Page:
Nettles said that he found it "worrisome" that so many graduate students never feel that they have established a mentor relationship. Such a tie, he said, is not just about moral support, but can have an impact on whether students finish a program, get good advice, and feel happy about their education. In addition, the study found that most students with mentors find them early in their graduate programs -- such that those who don't find someone early on may be destined never to find one.

While the percentages on mentors are not unique to any one demographic group, there are some notable gaps in certain fields. In math and science, a smaller share of black students (57 percent) than white students (76 percent) reported having mentors.

The study also found a strong preference among female and minority Ph.D. candidates for mentors and advisers who are from their same groups. The demand for such mentors is particularly hard to fill for the many institutions that lack a critical mass of black faculty members, the authors write, creating "a vicious cycle" in which black students can't find black mentors, and -- if they don't finish -- leave fewer potential mentors for the next cohort.

Issues of race and gender continue to be of intense interest and controversy in higher education, and the new book provides key data in this area.

In looking at admissions-related data, the most notable gaps are by race and ethnicity on Graduate Record Examination scores. Across disciplines, black applicants lagged significantly behind members of other groups. White, Asian and international students did the best, while Latino scores were between those groups and those of black applicants. Generally, there was a correlation between having higher GRE scores and obtaining fellowships upon admission, but the authors found that black and Latino students were likely to receive fellowship offers with lower GRE scores.

While minority students do well in getting fellowship offers, they are significantly less likely, the study found,  to obtain research and teaching assistantships, especially in math and science. For instance, in engineering, 36 percent of black students were offered research assistantships, compared to 69 percent for Asian students. In teaching assistantship offers, only 53 percent of African Americans received offers in math and science fields, compared to 74 percent over all. (Latino students, while doing as well as black students in fellowships, do not appear to suffer the same gap in obtaining teaching and research assistant positions.)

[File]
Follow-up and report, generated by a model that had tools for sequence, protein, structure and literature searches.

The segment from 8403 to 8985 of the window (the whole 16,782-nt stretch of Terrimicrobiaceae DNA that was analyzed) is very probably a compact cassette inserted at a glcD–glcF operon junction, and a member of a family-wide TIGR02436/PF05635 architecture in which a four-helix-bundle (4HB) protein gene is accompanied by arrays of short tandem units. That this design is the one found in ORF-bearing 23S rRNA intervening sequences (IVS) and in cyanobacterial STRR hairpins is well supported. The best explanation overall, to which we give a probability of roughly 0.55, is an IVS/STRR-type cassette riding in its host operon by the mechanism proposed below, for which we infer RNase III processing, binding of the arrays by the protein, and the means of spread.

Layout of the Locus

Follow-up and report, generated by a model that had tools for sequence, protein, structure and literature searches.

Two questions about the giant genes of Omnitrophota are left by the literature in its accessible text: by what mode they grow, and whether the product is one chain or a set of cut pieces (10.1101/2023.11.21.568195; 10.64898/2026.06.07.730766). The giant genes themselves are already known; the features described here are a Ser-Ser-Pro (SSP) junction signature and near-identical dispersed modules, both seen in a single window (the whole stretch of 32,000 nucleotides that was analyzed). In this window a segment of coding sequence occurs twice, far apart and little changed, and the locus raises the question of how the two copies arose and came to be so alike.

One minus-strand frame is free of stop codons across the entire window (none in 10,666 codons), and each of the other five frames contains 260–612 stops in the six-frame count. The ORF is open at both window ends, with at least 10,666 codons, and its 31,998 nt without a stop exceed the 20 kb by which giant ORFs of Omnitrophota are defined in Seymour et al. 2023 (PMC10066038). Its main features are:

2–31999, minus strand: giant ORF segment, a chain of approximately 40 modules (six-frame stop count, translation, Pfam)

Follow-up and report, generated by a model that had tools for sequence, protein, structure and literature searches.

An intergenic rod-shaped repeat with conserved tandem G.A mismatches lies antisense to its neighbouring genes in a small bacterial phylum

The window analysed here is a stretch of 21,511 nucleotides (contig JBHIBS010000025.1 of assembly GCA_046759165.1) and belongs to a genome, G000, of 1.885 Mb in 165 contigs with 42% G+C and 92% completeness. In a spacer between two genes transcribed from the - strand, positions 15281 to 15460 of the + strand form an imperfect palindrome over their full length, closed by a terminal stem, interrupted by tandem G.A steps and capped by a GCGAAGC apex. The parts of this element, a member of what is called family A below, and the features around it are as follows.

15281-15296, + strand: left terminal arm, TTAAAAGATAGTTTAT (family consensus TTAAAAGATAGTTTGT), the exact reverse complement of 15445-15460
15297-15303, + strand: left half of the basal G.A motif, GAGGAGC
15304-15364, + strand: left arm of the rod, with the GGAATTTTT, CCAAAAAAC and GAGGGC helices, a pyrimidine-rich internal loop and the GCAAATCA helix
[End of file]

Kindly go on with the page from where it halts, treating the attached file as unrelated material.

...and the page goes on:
In the book, the authors caution against assuming the black students make out well in this trend -- receiving fellowships and so not needing to worry about getting the teaching and research jobs. In fact, the authors note, those jobs provide opportunities for building the kinds of mentor relationships with faculty members that students need and provide a leg up in both teaching and research.

Other data in the study suggest that this gap is significant in some fields. For example, among science and math graduate students, 17 percent of black students reported publishing a journal article, while the figures for other groups were much higher: Asians (49 percent), Latinos (42 percent), whites (47 percent).

In terms of female graduate students, Millett said that what stood out was the depth of the talent pool -- while there are some variations among fields, women are entering graduate education with extremely strong credentials, including in the sciences and engineering. To the extent gaps are visible, they come in later stages, and in concerns about inadequate mentoring, especially the lack of other women to be mentors.

"It's clear that it will be other female faculty members who will help these women reach their full potential," Millett said.

Nettles said that he hoped the book would serve practical uses and not be treated simply as a work of scholarship. Graduate deans and program directors, he said, should be able to review the national results and then go to their campuses and ask some important questions: "How are we funding students and what is the result? Do people feel they have mentors and why not if they don't?" Or ultimately the big question: "How do you get people through?"